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CRLS Girls Lacrosse Team Builds Foundation

Team Continues Moving in the Right Direction Despite Challenges

Robert Shapiro, Contributing Writer

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Nutella is to America as lacrosse is to CRLS. We slept on it hard for years, but now that we have discovered it, we can’t get enough. Unfortunately, this relative newness means we haven’t had the time to become as skilled as our counterparts. The game has a history of being an upper-class, suburban sport which makes it difficult for the Falcons to compete in the Dual County League, which is made up of upper-class, suburban towns like Newton and Acton-Boxborough.

Newer urban programs entering the sport are at a clear disadvantage for several reasons, one of which being that suburban schools have easier access to facilities.

Their fields and locker rooms are on campus. At CRLS, teams have to travel to practice. The difference is especially pronounced for the girls team, which practices and plays games at Danehy Park. Renovations to Russell Field have forced this year’s boys lacrosse team to temporarily play and practice at Danehy as well, but they will be able to return next season to an upgraded facility with locker rooms and an easy-to-access weight room.

The lack of sharing is a major grievance of the girls team. The boys and girls basketball teams are able to share Al Coccoluto Gymnasium successfully with the girls practicing right after school and the boys practicing at five, which begs the question of why the lacrosse programs don’t do something similar.

There is definite support for a system of sharing from players like Rayna McElhiney ’19, who said, “I would prefer different times [for] practices.”

An additional impediment to the success of urban teams is the lack of programs that teach kids the fundamentals early. Suburban towns will often host lacrosse camps and clinics similar to the “Tomorrow’s Stars” or “Soccer Night” programs of Cambridge that get kids interested and familiar with the game so they can come into high school ready to compete.

Cambridge is just now starting to have lacrosse camps of its own, which according to captain Hanna Norris ’18 has led to “more and more players coming in who have played before.”

These challenges, though, don’t stop girls lacrosse from doing things their way. They wear shorts, which offer a much broader range of motion than the traditionally worn skirts. Many CRLS girls lacrosse players regard the traditional skirts as ridiculous. CRLS players mock the hyper masculine and fraternity-like nature of suburban boys lacrosse, holding a “lax bros” day, when they wear outfits complete with backwards caps, mesh pinnies, and black and white Nike crew socks.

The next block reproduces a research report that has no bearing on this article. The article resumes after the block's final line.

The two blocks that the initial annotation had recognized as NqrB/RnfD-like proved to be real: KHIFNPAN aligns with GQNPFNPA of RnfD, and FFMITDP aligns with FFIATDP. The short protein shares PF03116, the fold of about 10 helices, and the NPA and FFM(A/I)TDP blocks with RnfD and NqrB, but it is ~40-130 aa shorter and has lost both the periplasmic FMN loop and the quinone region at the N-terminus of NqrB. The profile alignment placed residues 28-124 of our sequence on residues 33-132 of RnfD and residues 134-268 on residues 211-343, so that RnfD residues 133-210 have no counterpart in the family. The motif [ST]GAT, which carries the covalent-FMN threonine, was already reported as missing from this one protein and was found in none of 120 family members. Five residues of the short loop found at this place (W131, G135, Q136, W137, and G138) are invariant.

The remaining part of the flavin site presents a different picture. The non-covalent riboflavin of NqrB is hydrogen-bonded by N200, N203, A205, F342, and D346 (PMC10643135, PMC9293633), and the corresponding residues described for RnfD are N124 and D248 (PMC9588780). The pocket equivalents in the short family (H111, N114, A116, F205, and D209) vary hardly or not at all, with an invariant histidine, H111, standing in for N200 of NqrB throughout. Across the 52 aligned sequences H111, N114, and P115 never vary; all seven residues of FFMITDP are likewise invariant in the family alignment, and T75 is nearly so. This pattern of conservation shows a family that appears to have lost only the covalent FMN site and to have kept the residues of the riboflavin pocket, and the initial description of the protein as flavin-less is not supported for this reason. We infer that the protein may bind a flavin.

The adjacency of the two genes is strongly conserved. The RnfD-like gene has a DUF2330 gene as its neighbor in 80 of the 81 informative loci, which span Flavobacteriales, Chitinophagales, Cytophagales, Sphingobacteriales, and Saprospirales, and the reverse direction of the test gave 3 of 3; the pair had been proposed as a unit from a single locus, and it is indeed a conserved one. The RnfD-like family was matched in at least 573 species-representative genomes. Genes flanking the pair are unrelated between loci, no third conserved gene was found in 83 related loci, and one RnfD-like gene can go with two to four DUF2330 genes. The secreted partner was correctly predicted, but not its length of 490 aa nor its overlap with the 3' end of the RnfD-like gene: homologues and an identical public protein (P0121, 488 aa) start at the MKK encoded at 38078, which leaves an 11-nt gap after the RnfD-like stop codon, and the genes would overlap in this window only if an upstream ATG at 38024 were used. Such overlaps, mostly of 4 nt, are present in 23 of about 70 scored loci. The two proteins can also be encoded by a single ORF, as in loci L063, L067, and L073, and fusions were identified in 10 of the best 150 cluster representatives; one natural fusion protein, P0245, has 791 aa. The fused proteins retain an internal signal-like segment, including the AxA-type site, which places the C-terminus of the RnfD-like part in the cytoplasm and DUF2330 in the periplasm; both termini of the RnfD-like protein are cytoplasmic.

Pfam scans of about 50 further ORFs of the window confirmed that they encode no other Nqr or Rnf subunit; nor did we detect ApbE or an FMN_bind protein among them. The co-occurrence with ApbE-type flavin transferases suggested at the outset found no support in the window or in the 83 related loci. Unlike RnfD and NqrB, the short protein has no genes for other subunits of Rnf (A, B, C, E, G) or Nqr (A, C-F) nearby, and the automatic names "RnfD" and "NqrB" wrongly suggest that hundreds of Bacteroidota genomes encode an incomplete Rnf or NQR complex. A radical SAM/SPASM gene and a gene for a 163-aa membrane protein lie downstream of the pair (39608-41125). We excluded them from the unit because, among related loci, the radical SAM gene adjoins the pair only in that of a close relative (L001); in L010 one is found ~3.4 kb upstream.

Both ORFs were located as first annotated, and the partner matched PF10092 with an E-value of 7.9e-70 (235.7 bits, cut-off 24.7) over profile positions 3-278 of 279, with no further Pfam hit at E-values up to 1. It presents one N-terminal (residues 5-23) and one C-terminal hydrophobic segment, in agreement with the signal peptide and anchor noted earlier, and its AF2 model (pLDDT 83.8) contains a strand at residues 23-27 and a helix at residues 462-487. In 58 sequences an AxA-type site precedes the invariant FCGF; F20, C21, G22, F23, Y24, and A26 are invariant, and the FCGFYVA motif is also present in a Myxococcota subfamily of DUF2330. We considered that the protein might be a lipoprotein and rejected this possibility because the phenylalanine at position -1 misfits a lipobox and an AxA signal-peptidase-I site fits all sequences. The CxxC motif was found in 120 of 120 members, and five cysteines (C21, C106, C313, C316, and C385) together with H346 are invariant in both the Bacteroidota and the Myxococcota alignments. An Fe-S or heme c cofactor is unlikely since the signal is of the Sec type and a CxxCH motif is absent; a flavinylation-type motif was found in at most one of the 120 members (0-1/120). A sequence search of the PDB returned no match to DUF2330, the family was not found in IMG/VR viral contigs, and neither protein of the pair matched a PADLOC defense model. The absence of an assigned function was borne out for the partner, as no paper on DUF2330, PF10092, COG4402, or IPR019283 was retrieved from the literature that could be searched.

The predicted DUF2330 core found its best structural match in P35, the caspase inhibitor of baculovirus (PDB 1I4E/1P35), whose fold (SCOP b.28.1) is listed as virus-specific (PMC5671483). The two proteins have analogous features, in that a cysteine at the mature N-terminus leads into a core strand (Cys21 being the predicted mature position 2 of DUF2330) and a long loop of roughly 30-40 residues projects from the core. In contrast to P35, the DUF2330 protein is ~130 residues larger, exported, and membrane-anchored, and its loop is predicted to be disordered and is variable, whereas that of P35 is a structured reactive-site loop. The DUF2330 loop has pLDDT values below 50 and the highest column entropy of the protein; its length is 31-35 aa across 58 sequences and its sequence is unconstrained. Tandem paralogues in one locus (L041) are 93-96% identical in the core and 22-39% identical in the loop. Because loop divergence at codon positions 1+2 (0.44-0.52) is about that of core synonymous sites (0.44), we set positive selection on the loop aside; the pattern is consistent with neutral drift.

It also doesn’t mean they haven’t made strides. This year’s team, which is led by captains Norris, Ella Brown ’18, and Isabelle Kenny ’18, has won eight games this season, improving upon last season’s record of 3-15.

The most meaningful of the four victories was over the Belmont Marauders. The Falcons were tied going into half, but came out of the break aggressively and were able to run away with the game on the way to a final score of 16 to 7 mean.

There is still a lot of work that has to be done if the Falcons are going to compete for league titles, but under the tutelage of head coach Shannon Manning, it could certainly happen.

Ms. Manning had an accolade-filled college career playing for the Bridgewater State Bears—she was an Eastern College Athletic Conference Division III New England First Team All-Star three times as well as Massachusetts State Collegiate Athletics Conference All-Academic selection two times. Her experience balancing academic and athletic excellence makes her not only an superb coach, but also an exceptional role model.

Her style resonates with players like Norris, who spoke of her leadership and added, “She’s also your friend when she needs to be.” She embodies the work ethic that will be vital to the team’s future success.

This season is about adding to a foundation. The team has more work to do before it becomes a powerhouse, but the growing popularity of the sport coupled with this year’s determination to be great may just get it there.

This piece also appears in our May print edition.

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CRLS Girls Lacrosse Team Builds Foundation